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Functional Curriculum: use it or lose it

To celebrate the new school year here are some of my favorite posts:

Article 1: Why Do We Go to School?

Article 2: Back to School| A New Year of Learning

Article 3: Back to School| What is Inclusion?

Aaron learning money skills

Aaron learning money skills to use in store

Functional Curriculum

When my son Aaron was in school, shopping was part of his curriculum. From the time he was ten years old he went to the bank and grocery one day a week as part of his special education school program.

This was best practice and came from the work of Drs. Lou Brown, Alison Ford, Sharon Freagon and many others. The idea of a functional curriculum for people with autism, intellectual and developmental disabilities is:

* it takes longer to learn skills, so let’s make sure we teach important skills and not waste their time on dumb stuff

* it takes lots of practice, so let’s give the student lots of opportunities and trials

* use it or lose it, so let’s make sure the skill is something the student will need their whole life

* transition from school to adult life will be smoother

* we only teach skills that if the person didn’t do it, someone else would have to do it for them

* the ability to purchase items would give the person more dignity, self-esteem, self-determination skills and choices in their life

The way it worked was each week, Mom sent in a check for $10.00 and a shopping list. The class went to the same grocery store (because each store is different). Each student cashed their check at the bank and then bought items from the list to take home.

In addition, students also planned a lunch to be made in the classroom the following day. Each would purchase a couple items for that group lunch. These items were purchased with the classroom credit card.

This functional curriculum was based on the philosophy that Aaron would go to the grocery the rest of his life. Before the school year started the IEP team decided this was a high priority skill because he would need to buy food and other items when he was an adult. If he didn’t learn to purchase these items, someone else would have to buy them for him. If Aaron could purchase the items he would have more choices and say in his life and therefore a better quality of life. (Who wants someone else deciding you can only have Cheerios for breakfast all your life.)

Related Service Staff

The curriculum was designed by the IEP team including specialists and the parents. After all, who would be taking the student to the grocery on the weekends, summer, and after school. And who knew what the student liked better than their parents?

I was in the school a lot and went on many of the community training trips with Aaron and his class.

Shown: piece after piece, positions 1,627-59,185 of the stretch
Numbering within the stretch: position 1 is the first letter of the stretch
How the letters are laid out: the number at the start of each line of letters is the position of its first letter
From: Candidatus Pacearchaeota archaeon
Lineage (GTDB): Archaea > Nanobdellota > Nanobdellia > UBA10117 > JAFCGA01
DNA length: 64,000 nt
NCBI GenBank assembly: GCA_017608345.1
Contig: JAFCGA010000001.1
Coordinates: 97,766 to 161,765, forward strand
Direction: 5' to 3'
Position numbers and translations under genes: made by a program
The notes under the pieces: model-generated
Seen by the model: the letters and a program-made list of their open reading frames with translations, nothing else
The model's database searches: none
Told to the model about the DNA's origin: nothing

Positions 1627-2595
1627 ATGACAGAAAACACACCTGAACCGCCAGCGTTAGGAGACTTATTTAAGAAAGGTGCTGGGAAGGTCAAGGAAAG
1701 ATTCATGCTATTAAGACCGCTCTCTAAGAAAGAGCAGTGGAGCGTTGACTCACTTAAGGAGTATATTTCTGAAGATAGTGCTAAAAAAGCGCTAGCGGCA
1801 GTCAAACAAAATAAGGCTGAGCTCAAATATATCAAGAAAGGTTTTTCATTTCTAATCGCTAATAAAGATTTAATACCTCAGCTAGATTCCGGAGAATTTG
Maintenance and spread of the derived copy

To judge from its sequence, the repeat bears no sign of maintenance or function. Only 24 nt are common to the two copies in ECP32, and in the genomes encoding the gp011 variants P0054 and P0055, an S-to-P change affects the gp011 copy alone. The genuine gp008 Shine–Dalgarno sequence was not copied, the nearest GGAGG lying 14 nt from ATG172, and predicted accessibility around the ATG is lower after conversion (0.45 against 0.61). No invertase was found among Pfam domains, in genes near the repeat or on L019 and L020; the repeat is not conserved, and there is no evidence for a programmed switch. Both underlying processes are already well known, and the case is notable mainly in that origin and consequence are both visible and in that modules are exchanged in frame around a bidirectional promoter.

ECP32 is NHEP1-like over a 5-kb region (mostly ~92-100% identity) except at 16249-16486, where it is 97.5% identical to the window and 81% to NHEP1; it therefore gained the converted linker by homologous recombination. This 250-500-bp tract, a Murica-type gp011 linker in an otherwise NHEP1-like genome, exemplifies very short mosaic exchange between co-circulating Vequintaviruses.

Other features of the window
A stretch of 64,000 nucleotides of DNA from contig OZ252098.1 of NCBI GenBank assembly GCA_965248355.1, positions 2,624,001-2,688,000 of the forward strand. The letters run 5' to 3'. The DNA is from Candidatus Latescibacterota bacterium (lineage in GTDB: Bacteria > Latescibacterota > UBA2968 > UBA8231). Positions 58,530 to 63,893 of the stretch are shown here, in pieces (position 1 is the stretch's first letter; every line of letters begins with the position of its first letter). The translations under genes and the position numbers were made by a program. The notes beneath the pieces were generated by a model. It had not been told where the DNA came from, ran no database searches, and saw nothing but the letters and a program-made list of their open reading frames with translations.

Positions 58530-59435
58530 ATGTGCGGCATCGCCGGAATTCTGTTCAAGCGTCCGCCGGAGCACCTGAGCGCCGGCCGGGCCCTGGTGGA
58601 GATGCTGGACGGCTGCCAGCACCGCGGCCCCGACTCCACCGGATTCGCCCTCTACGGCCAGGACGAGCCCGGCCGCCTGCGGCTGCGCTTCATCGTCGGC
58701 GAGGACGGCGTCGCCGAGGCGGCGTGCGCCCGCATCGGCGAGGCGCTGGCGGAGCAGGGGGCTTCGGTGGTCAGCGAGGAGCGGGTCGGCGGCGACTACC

It takes a Village

The speech and language therapist helped Aaron build picture sequences of “shopping at Krogers,” check-off lists with pictures for grocery lists, and learn to interact with the cashier “Thank You” and give a High 5 to the bagger….

The occupational therapist helped Aaron figure out which coin purse/wallet worked best, learn to pay with the next highest bill, learn how to take the money out of his wallet (hold wallet in left hand and take out bills with right) and after many failures of getting the change back in the wallet–it was decided Aaron should just put the change in his pocket….

The physical therapist helped Aaron figure out how to climb up and down the steps on the bus (hold on the rail with his right hand and count the steps), how to maneuver the parking lot (and yes we had an IEP goal that said with 50% accuracy), how to enter the right door–even if there are two “in” doors,
how to reach the items on the bottom shelves (hold on to the grocery cart with his left hand and reach with his right)….

Depending on the therapists schedules, they might only be involved in periodic assessments, or they could go with the class every week. This was an excellent way for the therapist got to really see Aaron in this environment and practice REAL life skills.

The teacher and assistant teachers went every week with the 6-8 students in the multi-handicapped class. She/he helped Aaron match his pictures to the actual items in the store, find his favorite items and put them in the cart, learning appropriate social skills….

After High School

Unfortunately now that Aaron is out of school, he has lost most of those skills because adult service staff refuse to take him to the store or don’t have the knowledge or support they need. Here is a story about Aaron’s home (click here). It is not the fault of the staff. Some of them are very loving and do a great job.

So I take him every weekend when he is home with us. Here is a story of a recent shopping trip (click here).

Aaron and I are a team and we have worked out our own system. We only shop for about 10 items and Aaron puts the items in the cart. Sometimes Aaron will grab something off the shelf and if it is anywhere close to something he might want, I’ll let him buy it. ie. if it is a bag of cookies or cereal –he can keep it. If it is a box of denture tablets probably I’ll tell him what it is and put it back.

Choices: Quality of Life and “If Only”

If I had the opportunity to change things in Aaron’s life, it would be that adult services used a functional curriculum and adult residential services gave Aaron and others with autism and severe disabilities the opportunities to practice their skills. There is no question Aaron would not currently be LOSING these skills. There is no question these skills would enhance Aaron’s self-esteem and quality of life.